The Puritan Colonists

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During the late Seventeenth century, Puritan colonists in New England were faced with a dilemma. As their population increased, the colonists wanted and needed more land. They began to view the natives in the area as an obstruction to their expansion. Due to the Puritans’ belief in their superiority over the natives, they were able to justify their harsh treatment of the natives which led to King Philip’s War. The Puritan colonists’ actions toward the natives were cruel and excessive and resulted in about 40% of New England’s Indian population being killed or forced to flee (Hart). Leading up to King Philip’s War, there had been no other major Indian wars for almost fifty years. During that period of time in the first part of the seventeenth …show more content…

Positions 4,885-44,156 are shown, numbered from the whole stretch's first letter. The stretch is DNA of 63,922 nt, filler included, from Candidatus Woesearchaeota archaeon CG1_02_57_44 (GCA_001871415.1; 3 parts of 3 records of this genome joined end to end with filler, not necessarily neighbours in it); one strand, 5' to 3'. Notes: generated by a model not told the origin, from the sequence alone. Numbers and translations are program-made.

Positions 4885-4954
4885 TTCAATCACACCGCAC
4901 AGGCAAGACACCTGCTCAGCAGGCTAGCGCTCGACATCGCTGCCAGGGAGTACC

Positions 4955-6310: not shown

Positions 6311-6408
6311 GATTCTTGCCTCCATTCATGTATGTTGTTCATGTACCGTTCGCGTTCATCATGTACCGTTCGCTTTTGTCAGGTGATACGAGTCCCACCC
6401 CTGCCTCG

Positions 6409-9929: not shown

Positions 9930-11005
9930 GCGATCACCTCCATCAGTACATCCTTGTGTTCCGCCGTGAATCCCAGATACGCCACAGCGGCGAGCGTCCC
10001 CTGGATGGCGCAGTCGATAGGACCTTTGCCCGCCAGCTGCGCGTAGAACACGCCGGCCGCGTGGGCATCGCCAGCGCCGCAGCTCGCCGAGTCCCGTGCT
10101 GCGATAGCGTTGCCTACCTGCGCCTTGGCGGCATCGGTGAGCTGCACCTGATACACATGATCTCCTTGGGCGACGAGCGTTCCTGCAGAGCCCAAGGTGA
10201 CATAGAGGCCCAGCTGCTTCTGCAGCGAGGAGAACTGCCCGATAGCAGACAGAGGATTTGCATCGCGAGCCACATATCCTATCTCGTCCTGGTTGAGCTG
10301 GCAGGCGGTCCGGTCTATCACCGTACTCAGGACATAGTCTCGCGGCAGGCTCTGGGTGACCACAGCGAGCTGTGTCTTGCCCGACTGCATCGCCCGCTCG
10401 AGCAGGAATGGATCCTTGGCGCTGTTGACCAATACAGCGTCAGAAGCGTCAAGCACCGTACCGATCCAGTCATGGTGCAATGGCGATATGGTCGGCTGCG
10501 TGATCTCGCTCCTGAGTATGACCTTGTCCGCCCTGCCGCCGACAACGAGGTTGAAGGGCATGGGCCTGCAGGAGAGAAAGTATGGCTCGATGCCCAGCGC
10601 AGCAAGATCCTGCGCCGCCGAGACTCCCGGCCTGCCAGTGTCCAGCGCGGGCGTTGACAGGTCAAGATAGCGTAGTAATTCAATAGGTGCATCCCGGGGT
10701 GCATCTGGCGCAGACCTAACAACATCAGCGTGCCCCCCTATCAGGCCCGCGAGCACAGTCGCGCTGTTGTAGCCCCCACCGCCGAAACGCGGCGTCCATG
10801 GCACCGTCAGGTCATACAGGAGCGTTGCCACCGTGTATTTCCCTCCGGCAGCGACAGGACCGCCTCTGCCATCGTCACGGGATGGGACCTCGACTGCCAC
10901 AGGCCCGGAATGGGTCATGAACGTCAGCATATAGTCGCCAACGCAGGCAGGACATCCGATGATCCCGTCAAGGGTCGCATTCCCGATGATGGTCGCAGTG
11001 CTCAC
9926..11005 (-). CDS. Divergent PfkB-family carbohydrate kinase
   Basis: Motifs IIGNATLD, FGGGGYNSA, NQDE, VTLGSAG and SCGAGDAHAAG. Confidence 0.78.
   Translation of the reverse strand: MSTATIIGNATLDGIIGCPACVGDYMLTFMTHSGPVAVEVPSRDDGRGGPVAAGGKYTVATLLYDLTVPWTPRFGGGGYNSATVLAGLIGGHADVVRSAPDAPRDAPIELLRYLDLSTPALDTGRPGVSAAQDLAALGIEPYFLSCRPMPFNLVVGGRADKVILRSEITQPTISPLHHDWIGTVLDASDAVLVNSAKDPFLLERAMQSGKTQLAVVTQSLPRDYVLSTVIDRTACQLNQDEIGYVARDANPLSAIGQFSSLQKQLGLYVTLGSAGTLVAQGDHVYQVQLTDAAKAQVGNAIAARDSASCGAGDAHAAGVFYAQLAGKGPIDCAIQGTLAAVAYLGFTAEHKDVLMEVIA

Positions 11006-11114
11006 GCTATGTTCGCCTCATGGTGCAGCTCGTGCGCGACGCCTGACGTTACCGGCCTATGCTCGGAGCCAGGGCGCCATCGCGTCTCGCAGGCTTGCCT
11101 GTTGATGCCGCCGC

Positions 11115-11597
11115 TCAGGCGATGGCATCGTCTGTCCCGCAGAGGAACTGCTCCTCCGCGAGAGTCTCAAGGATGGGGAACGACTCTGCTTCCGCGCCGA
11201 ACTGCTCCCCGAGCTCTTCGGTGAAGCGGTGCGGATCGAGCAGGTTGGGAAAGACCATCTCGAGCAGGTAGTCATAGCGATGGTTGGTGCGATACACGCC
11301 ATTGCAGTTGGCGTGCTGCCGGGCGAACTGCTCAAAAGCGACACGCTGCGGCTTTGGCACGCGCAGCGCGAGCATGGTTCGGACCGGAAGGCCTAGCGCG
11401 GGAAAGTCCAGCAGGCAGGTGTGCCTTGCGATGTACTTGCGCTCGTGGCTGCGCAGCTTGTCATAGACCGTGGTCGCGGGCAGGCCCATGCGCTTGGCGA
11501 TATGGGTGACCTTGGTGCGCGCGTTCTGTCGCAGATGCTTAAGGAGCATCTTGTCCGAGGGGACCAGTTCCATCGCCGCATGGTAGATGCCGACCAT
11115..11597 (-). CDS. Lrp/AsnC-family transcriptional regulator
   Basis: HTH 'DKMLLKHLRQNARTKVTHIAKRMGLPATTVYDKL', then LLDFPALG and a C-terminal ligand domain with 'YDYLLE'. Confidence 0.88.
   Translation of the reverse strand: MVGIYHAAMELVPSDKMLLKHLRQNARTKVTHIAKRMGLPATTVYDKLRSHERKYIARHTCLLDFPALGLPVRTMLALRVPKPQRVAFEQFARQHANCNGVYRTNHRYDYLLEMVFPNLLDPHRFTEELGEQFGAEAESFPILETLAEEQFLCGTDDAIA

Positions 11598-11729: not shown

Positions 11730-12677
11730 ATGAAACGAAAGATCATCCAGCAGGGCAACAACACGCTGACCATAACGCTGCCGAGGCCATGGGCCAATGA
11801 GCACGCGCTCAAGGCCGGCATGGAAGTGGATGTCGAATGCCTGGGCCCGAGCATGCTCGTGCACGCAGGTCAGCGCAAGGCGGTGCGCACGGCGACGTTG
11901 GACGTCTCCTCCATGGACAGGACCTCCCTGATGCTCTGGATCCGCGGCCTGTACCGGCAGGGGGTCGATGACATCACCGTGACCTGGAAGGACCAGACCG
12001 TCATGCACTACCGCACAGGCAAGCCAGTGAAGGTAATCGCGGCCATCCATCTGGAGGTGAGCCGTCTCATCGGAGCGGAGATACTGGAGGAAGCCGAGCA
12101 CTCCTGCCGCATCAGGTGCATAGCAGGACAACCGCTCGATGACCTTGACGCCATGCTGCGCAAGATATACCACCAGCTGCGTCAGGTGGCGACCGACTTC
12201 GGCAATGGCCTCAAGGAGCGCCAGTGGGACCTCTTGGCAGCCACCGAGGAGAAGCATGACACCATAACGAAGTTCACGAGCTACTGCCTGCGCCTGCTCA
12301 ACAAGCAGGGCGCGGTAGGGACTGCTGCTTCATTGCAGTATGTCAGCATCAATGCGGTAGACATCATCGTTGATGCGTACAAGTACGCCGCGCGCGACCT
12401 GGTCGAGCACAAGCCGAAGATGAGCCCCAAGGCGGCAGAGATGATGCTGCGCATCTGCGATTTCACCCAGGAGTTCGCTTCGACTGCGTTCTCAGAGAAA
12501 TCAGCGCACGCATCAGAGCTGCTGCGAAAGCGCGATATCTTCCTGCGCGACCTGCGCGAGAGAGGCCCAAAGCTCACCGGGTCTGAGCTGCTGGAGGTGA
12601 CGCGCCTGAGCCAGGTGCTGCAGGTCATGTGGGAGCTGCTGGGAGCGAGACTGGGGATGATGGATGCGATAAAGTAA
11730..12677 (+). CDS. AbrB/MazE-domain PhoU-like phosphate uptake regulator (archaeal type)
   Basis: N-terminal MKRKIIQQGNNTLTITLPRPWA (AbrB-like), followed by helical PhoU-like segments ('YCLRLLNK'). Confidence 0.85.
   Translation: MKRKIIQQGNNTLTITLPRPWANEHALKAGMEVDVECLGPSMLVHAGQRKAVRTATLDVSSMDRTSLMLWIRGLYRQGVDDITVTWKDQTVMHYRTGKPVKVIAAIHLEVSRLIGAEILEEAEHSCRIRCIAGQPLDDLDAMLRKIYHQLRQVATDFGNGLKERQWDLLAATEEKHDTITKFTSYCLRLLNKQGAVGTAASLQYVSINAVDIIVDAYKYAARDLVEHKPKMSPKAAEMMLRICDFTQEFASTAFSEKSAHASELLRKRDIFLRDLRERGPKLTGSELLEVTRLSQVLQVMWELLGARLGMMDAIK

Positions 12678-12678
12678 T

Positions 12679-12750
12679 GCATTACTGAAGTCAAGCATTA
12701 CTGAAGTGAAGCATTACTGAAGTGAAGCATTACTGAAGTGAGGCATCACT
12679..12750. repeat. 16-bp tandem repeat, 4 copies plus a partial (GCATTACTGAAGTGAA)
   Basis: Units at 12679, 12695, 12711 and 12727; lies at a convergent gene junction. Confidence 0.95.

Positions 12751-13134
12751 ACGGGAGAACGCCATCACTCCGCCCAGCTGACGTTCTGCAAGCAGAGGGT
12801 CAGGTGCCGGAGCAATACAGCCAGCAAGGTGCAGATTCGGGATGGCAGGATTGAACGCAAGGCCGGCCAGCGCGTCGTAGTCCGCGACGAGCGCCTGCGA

In response, Chief Metacomet (also known as King Philip to the colonists) allied with many of the other tribes in the area and attacked the colonists in 1675 (Hart). After this initial attack, there were many skirmishes and massacres by both sides. The biggest massacre occurred when the Puritan colonists destroyed a Narragansett camp in Rhode Island, killing almost all of the thousand men, women, and children in the camp. Six months after this, Major John Talbot and the colonists started capturing many of Metacomet’s followers and enslaving them. On August 12th of 1676, Metacomet was killed and the war ended. In one act of violence and to assess loyalty of the natives who were allying with the colonists, the colonists required them be the punishers. Benjamin Church ordered one of the natives to inflict a mortally damaging blow with a hatchet to the head of a relative. King Philip’s War is now considered one of the United States’ most destructive wars. It resulted in one out of ten soldier’s deaths on both sides. Around twelve hundred colonist’s homes were burned (Messina), and twelve out of the ninety New England cities in existence at that time were destroyed (Hart). The natives not only lost 40% of their population, but many were enslaved and they lost their land rights, their communities, and their rights to rule themselves. Their power was broken, their culture was destroyed, and they lived on as servants, tenants, and slaves to the colonists

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